On Words, Pins, and Patriotism
Over the last couple of weeks, there seems to be a controversy in the presidential campaign over expressions of patriotism. Senator Obama is being criticized for not wearing a flag lapel, and not putting his hand over his heart when reciting the Pledge of Allegiance. (Incidentally as we all know, H.R. Haldeman started the White House staff and Richard Nixon in wearing the flag lapel in the early 70s.) But is the symbolism more important than the actual act of patriotism?
What is really important is actually fighting for those who give you the freedom in which our patriotism is inspired by. Fighting for the veterans of not only the current conflict, but past wars as well. Making sure when they’re in battle that they have all the material and armor they need to protect themselves. If they become injured, they are entitled to the same service in which they gave this country, giving them the best hospital care and resources to deal with their injuries if they are long-lasting. And finally, making sure that soldiers like those who belong to the National Guard, have a job to come back to and a mortgage that’s not for overdue because they paid their service to their country. No veteran deserves to be on the street.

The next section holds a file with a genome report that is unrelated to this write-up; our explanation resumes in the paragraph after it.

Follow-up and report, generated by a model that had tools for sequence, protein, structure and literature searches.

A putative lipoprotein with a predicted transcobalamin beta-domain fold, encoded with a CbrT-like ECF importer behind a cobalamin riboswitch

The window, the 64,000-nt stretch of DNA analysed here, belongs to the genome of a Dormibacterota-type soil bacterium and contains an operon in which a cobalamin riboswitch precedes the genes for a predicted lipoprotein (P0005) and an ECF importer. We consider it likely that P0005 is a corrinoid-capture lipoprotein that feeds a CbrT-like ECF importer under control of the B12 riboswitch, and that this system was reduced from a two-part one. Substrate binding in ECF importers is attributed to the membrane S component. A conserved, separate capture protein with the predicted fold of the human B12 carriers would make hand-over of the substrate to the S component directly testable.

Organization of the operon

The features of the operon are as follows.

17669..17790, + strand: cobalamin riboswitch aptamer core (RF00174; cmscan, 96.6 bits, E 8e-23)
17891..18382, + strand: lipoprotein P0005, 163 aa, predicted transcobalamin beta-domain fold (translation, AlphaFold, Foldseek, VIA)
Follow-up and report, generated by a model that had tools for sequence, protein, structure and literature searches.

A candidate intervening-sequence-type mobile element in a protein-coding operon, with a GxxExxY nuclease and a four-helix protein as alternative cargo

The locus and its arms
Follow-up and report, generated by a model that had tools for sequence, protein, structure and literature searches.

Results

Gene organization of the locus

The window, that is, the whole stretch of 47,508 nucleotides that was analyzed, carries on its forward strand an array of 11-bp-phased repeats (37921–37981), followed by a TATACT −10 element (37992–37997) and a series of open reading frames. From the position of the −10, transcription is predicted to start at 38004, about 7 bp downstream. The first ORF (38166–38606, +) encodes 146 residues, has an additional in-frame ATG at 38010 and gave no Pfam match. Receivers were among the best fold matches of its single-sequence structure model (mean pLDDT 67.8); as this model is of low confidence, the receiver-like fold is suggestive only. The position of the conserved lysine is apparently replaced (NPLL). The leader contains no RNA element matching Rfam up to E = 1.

As a civil litigation paralegal, it was the highest privilege in my legal career to represent American heroes. Our firm represented American servicemen against Japanese corporations for slave labor and back wages. One of our clients was a gentleman named Frank Bigelow. A Seaman Second Class who was captured by the Japanese. Here is his testimony in front of the Senate Judiciary Committee on June 28, 2000. He lost a leg as a prisoner of war. Whenever I spoke to him, he always got to me. In a letter to him before his passing, I explained that he was America to me. When you read his testimony, you will get a sense of why I feel the way I do.
My patriotism is one of deeds, not of words or pins.